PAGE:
Q: I'm feeling pressure by my boss to take business trips, but right now I really don't want to leave my children. My job doesn't depend heavily on travel. How can I effectively speak up?
A: First, come up with an alternative plan to traveling. And then make this plan sound as appealing to your employer as possible. "Avoid phrases like 'I need...' or 'I don't want to...'," says Susan Ginsberg, New York City-based editor of Work & Family Life newsletter. "Instead, frame your request so that it highlights how you can still do your job -- how, in fact, you can do it better." Ginsberg admits that trying to get out of business trips can be tricky, so your tactic in this instance may be to point out how your not traveling won't harm the company and how you'll be equally effective without leaving town.
You may be pleasantly surprised to find, however, that your employer is more understanding than you think. After all, most companies -- including major corporations like Deloitte & Touche and Merrill Lynch -- are cutting back on business travel. Instead, teleconferences are encouraged whenever possible. So chances are your company will have a similar policy or if it doesn't, it'll understand your concerns.
But if that doesn't happen, you'll need to get creative. This is something Stephanie Trapp, executive director of the Alliance of Work/Life Professionals in Alexandria, VA, and full-time telecommuter, has worked hard to do. "Travel is an essential part of my job. However, I've figured out ways to get things accomplished via teleconferences and real-time on-line meetings. You always lose something when you don't have face-to-face meetings," Trapp admits, "but participants appreciate being able to go home at the end of the day." She's found that the impact of September 11 and subsequent events have resonated all over the country ("really, all over the globe") and that as a result, people are understanding and willing to work together to accomplish goals in other ways.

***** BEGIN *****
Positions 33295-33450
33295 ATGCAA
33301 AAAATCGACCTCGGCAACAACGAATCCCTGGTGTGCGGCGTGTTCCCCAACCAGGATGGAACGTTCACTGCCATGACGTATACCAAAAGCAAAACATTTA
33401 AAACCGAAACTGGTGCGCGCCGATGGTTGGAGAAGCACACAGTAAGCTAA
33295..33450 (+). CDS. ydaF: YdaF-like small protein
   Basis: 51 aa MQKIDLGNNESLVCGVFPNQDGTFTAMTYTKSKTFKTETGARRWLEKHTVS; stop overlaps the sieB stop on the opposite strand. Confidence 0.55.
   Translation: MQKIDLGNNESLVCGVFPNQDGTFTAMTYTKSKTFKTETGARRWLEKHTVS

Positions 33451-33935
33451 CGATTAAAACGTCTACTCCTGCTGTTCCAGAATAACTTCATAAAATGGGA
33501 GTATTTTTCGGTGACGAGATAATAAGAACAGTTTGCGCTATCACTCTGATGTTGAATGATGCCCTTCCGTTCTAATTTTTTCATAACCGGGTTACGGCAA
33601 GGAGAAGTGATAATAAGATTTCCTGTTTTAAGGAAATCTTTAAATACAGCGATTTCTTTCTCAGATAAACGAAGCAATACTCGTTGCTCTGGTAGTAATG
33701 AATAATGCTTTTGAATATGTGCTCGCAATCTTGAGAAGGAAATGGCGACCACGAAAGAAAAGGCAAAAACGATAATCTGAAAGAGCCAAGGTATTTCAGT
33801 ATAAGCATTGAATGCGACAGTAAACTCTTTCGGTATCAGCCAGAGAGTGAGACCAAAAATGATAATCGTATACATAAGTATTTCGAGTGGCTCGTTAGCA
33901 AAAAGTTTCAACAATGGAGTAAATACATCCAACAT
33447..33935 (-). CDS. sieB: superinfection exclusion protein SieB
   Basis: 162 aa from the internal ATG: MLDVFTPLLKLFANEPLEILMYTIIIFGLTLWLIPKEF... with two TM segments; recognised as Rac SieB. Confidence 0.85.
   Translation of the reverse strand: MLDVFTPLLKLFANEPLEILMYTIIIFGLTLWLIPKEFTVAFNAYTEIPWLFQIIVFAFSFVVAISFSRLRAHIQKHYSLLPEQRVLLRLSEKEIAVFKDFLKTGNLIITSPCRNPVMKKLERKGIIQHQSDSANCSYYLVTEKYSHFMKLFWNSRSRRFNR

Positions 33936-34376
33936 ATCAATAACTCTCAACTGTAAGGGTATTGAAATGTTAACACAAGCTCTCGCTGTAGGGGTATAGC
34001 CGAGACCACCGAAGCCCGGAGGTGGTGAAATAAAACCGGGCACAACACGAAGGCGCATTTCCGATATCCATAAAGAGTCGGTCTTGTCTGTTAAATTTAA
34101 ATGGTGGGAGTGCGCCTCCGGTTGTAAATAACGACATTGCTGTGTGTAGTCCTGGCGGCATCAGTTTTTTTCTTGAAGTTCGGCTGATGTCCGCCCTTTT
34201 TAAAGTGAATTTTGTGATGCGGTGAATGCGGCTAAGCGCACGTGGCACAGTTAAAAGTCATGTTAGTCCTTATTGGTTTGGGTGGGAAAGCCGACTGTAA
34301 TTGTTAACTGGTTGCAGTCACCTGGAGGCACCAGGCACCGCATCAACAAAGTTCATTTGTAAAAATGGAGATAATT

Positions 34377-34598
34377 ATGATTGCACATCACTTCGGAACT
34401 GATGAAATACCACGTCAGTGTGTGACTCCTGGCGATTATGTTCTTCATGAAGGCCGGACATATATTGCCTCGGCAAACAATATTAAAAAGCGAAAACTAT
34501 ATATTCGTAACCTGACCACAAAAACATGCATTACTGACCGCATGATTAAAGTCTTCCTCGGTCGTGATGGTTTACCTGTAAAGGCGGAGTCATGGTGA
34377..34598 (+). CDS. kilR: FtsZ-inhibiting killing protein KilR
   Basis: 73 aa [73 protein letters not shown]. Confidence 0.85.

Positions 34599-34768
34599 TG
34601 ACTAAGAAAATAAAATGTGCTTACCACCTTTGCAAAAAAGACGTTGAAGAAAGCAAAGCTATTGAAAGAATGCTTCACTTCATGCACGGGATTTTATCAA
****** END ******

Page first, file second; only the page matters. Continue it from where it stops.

If you do have to travel, try to combine trips to make the most of your time, Trapp adds. Is there a conference lots of your clients or contacts plan to attend? Look into attending and scheduling several meetings during that time. That's what Trapp will be doing during an upcoming industry conference. "We're finding that decisions can be put off for a few months until we can get together," she says, "and nothing seems to have suffered greatly as a result."
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